During the Fall 2016 semester, FIU students collaborated with the South Florida Regional Planning Council to produce a multifaceted assessment of Liberty City’s economic development.

FIU’s Liberty City Economic Development and Urban Revitalization Project Presentations were held on Tuesday, November 29th at 6:30-8:30pm, at the Council office in Hollywood. The Council was pleased to partner with Florida International University’s Department of Public Administration to help guide class research projects for a graduate course on economic development. The students’ class projects, found below, are focused on Education; Business & Economy; Transportation & Amenities; Health & Quality of Life; Civic Engagement; and Housing & Land Use in Liberty City.

The students presented unique recommendations for community and economic revitalization based upon current data and academic research. The students used a range of tools to analyze and interpret relevant community indicators and conducted interviews with the community representatives. One of these tools is the Southeast Florida DataCommon.

Link to FIU’s Department of Public Administration

Key Findings

Economic Opportunity

      • Mostly small businesses involved in services and retail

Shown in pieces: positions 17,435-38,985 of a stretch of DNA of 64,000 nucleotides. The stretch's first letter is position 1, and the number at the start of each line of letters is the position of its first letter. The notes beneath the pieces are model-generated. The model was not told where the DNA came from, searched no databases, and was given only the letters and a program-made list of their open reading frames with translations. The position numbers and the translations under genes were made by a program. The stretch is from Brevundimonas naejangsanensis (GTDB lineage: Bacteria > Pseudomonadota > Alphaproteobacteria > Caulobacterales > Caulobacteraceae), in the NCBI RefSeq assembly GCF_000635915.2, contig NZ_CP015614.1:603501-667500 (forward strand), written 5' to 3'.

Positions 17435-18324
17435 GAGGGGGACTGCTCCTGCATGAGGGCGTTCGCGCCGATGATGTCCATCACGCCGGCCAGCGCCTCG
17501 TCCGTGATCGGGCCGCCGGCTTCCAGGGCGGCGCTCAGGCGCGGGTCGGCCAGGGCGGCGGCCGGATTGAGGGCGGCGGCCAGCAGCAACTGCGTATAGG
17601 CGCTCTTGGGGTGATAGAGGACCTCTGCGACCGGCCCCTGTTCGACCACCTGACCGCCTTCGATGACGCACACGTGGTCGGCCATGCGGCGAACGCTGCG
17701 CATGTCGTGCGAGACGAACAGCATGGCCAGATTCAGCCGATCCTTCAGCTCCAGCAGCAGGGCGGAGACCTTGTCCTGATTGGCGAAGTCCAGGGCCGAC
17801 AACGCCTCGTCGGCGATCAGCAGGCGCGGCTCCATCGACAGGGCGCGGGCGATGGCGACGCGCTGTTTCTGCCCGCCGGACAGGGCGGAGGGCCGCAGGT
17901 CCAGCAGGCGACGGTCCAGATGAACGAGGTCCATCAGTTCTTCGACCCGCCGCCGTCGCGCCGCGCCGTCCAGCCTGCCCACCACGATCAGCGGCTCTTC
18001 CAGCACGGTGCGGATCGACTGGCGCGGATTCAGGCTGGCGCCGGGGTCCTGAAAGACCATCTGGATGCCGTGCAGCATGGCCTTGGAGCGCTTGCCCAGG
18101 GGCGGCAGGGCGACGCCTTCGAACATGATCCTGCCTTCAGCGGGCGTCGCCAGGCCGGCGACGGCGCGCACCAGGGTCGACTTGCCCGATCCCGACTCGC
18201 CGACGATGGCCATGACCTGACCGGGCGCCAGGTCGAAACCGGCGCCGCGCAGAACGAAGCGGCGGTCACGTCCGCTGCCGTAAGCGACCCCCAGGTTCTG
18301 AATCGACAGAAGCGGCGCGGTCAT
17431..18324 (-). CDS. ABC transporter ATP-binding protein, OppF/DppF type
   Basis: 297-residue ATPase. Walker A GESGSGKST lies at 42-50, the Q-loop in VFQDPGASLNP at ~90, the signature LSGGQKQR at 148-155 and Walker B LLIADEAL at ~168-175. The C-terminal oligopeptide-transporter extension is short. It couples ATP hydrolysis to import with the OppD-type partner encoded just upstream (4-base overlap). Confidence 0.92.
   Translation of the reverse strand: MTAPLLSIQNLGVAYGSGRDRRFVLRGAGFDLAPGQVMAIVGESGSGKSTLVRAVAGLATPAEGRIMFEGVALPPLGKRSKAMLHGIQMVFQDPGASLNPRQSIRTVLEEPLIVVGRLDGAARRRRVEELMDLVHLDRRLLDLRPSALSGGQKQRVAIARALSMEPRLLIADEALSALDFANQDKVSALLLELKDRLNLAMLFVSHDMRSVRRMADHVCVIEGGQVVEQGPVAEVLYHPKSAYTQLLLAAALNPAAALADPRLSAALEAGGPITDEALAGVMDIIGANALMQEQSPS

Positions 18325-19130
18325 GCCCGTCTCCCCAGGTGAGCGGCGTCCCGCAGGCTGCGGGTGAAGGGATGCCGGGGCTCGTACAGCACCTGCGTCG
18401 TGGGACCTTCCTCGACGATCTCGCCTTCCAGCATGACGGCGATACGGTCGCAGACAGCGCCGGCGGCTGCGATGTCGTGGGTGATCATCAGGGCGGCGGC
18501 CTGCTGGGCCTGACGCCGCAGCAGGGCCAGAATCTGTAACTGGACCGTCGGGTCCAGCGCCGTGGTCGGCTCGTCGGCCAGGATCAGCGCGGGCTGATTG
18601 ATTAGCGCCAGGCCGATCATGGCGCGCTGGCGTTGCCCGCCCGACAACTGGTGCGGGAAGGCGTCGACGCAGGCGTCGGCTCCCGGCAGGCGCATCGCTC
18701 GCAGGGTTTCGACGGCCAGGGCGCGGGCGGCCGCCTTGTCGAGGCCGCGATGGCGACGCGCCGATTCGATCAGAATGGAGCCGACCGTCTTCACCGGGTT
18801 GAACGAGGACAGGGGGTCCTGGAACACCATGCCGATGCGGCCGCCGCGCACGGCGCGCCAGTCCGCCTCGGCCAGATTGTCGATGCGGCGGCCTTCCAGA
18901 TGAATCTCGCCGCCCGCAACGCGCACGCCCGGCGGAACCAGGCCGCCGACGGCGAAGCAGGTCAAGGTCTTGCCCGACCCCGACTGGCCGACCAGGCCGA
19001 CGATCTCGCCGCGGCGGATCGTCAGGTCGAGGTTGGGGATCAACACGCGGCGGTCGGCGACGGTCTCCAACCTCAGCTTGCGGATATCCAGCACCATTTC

• Majority employment in the education, food service, and retail industries
      • Opportunity: financial infrastructure improvement, including banks and small business microloans
      • Opportunity: Location: 1-95, MIA International, Port Miami all nearby
      • Opportunity: 30+ commercial spaces for sale, more for lease, cheaper rates relative to surrounding areas

Housing Opportunity

      • Aging housing stock – majority was built before 1960
      • Nearly 20% of the housing stock is vacant
      • 68% of occupied housing is rented, 32% owner-occupied
      • High housing cost burden in the area
      • Opportunity: provide incentives to landlords to maintain and upgrade old housing
      • Opportunity: rehabilitate public housing
      • Opportunity: increase job prospects to encourage redevelopment and reduction in vacant space

Education Opportunity

  • 25% of the population is between 5-19 years old
  • Only 28% continue their education past high school; 28% also hold less than a high school diploma
  • Graduation rates steadily on the rise, however preparedness indicators (such as the SAT) are on the decline
  • Opportunity: increased SAT preparation measures and alternative education paths
  • Opportunity: continue investments into adult education programs and job training
  • Opportunity: actively remain in contact with students that drop out and those that graduate to facilitate further training, alternative education, and job placement